This Spring, we are bringing you a stimulating range of cultural live screenings where you can experience the magic of live shows without travelling afar, and without burning a hole in your wallet.
Each broadcast of stage performance is filmed live in the theatre with close ups and camera movement throughout the auditorium to ensure that cinema/venue audiences get the ‘best seat in the house’ view and enjoy the best live experience of the production.
Royal Opera House Productions
Rigoletto – Giuseppe Verdi wrote in 1855 that Rigoletto was his ‘best opera’. He had had to overcome state censorship to stage it. Rigoletto was performed 250 times since and has remained one of the most popular of all operas. (Screening on 16 January)
Carmen – best-known work by French composer Georges Bizet. The opera’s combination of passion, sensuality and violence initially proved too much for the stage, and it was a critical failure on its 1875 premiere. Bizet died shortly after, and never learned of the spectacular success his Carmen would achieve: the opera has been performed more than five hundred times at Covent Garden alone. (Screening on 6 March)
Exhibitions on Screen
Canaletto and the Art of Venice – immerse into the life and art of Venice’s famous view-painter. The remarkable group of over 200 paintings, drawings and prints on display offer unparalleled insight into the artistry of Canaletto and his contemporaries, and the city he became a master at capturing. (Screening on 6 February)
David Hockney at the Royal Academy of Art – Widely considered Britain’s most popular artist, David Hockney is a global sensation with worldwide exhibitions. This film features intimate and in-depth interviews with Hockney, this revealing film focuses on two blockbuster exhibitions held in 2012 and 2016 at the Royal Academy of Art in London. (Screening on 27 March)
The Winter’s Tale – Christopher Wheeldon, Artistic Associate of The Royal Ballet, created his adaptation of Shakespeare’s late great romance The Winter’s Tale for The Royal Ballet in 2014. It received ecstatic praise at its premiere, acclaimed by critics and audiences alike for its intelligent, distinctive and emotionally powerful story, told through exquisite dance. (Screening on 5 March)
Bernstein Centenary – In celebrating the centenary of Leonard Bernstein’s birth, the Roya Ballet united the Company’s three associate choreographers Wayne McGregor, Liam Scarlett and Christopher Wheeldon and created an all-Bernstein programme to honour the dynamic range and danceability of Bernstein’s music. (Screening on 3 April)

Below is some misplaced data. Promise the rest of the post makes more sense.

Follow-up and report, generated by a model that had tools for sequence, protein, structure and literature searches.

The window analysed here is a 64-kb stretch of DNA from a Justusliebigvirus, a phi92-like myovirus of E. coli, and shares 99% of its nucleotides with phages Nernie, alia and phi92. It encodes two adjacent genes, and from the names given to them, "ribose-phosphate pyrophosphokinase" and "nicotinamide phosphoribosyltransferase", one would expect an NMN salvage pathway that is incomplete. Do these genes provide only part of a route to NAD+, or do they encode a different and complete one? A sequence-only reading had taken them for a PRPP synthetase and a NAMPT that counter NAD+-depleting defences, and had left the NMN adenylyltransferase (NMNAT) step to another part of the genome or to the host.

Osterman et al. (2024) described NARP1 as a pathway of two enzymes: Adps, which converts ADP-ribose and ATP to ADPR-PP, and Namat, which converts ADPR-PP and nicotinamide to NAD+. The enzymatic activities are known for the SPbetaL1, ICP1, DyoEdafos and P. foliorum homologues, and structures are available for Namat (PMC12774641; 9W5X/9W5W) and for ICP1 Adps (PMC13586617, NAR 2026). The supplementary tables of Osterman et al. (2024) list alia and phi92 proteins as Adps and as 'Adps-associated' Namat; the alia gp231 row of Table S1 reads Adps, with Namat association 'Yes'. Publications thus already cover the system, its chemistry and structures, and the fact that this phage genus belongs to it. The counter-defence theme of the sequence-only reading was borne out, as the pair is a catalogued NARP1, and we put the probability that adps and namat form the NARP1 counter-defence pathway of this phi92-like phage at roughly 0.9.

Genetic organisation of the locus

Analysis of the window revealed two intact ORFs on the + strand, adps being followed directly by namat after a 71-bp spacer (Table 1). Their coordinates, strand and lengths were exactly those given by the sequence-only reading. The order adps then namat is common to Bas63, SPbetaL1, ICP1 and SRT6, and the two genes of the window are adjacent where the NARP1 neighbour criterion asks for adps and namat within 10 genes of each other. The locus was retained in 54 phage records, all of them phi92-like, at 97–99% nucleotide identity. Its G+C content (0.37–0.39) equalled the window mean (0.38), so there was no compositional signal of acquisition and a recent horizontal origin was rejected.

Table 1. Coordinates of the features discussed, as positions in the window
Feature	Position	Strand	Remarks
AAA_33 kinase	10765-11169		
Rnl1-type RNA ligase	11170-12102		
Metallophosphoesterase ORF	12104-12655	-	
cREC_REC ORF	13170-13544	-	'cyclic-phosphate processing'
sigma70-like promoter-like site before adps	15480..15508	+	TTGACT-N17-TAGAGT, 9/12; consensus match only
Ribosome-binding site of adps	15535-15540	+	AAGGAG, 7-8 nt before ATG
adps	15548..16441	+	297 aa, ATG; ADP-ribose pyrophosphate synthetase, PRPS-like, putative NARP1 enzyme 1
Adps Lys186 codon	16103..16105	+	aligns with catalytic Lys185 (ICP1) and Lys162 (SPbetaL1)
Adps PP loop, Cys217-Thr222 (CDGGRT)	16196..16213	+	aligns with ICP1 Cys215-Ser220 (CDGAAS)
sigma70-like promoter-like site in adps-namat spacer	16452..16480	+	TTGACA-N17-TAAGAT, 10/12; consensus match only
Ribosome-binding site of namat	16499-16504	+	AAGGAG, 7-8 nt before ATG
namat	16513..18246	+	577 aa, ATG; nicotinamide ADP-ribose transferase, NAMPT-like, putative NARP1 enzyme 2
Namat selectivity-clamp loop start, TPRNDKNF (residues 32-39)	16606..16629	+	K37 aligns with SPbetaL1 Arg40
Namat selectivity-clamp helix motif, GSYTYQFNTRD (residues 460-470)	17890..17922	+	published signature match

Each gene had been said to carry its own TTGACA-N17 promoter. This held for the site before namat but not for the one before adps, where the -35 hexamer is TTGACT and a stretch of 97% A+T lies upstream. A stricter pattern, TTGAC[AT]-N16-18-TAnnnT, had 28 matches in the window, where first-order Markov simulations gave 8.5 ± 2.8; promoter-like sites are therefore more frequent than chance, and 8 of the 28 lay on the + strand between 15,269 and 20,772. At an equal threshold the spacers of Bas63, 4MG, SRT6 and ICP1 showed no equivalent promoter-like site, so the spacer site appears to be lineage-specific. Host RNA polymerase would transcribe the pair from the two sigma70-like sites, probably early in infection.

National Theatre Live (NT Live)
Cat on A Hot Tin Roof – Directed by Benedict Andrews, Tennessee Williams’ 20th century masterpiece played a strictly limited season in London’s West End in 2017 starred Sienna Miller alongside, Jack O’Connell and Colm Meaney. (Screening on 26 February)
Julius Caesar – Nicholas Hytner’s production will thrust the audience into the street party that greets Caesar’s return, the congress that witnesses his murder, the rally that assembles for his funeral and the chaos that explodes in its wake. (Screening on 29 March)
Royal Shakespeare Company Live (RSC Live)
Twelfth Night is a tale of unrequited love – hilarious and heartbreaking. Twins are separated in a shipwreck, and forced to fend for themselves in a strange land. Christopher Luscombe, Director of the Love’s Labour’s Lost and Much Ado About Nothing (2014 and 2016), returns to the Royal Shakespeare Company to tackle Shakespeare’s greatest comedy. (Screening on 19 February)
The contemporary production of Shakespeare’s darkest psychological thriller – Macbeth marks both Christopher Eccleston’s RSC debut and the return of Niamh Cusack to the RSC The victorious Macbeth meets three witches on the heath while returning from battle. Driven by their disturbing prophecies, he sets out on the path to murder. (Screening on 29 April)
Tosca 2018 – Giacomo Puccini’s thrilling Tosca is a story of love, terror, the abuse of power, and the unquenchable longing for freedom. (Screening on 1 February)
L’Elisir d’Amore – Charmingly staged by Bartlett Sher, Donizetti’s beloved masterpiece combines deft comic timing with touching emotional depth. (Screening on 13 February)
La Bohème 2018 – The world’s most popular opera returns with an exciting young cast in Franco Zeffirelli’s legendary recreation of 19th-century Paris is sure to take your breath away. (Screening on 1 March)
Semiramide 2018 – The all-star bel canto cast features Angela Meade in the title role of the murderous Queen of Babylon, who squares off in breathtaking duets with Arsace, a trouser role sung by Elizabeth DeShong. (Screening on 15 March)
Così fan tutte 2018 – A winning cast comes together for Phelim McDermott’s clever vision of Mozart’s comedy about the sexes, set in a carnival-esque, funhouse environment inspired by 1950s Coney Island. (Screening on 31 March)
Luisa Miller 2018 – Plácido Domingo adds yet another chapter to his legendary Met collection with this rarely performed Verdi gem, a heart-wrenching tragedy based on Friedrich Schiller’s novel Intrigue and Love. (Screening on 17 April)
Cendrillon 2018 – For the first time ever, Massenet’s sumptuous version of the Cinderella story comes to the Met in this imaginative storybook production directed by Laurent Pelly. (Screening on 28 April)
Here’s a quick link to our what’s on screenings page to book tickets and find out more.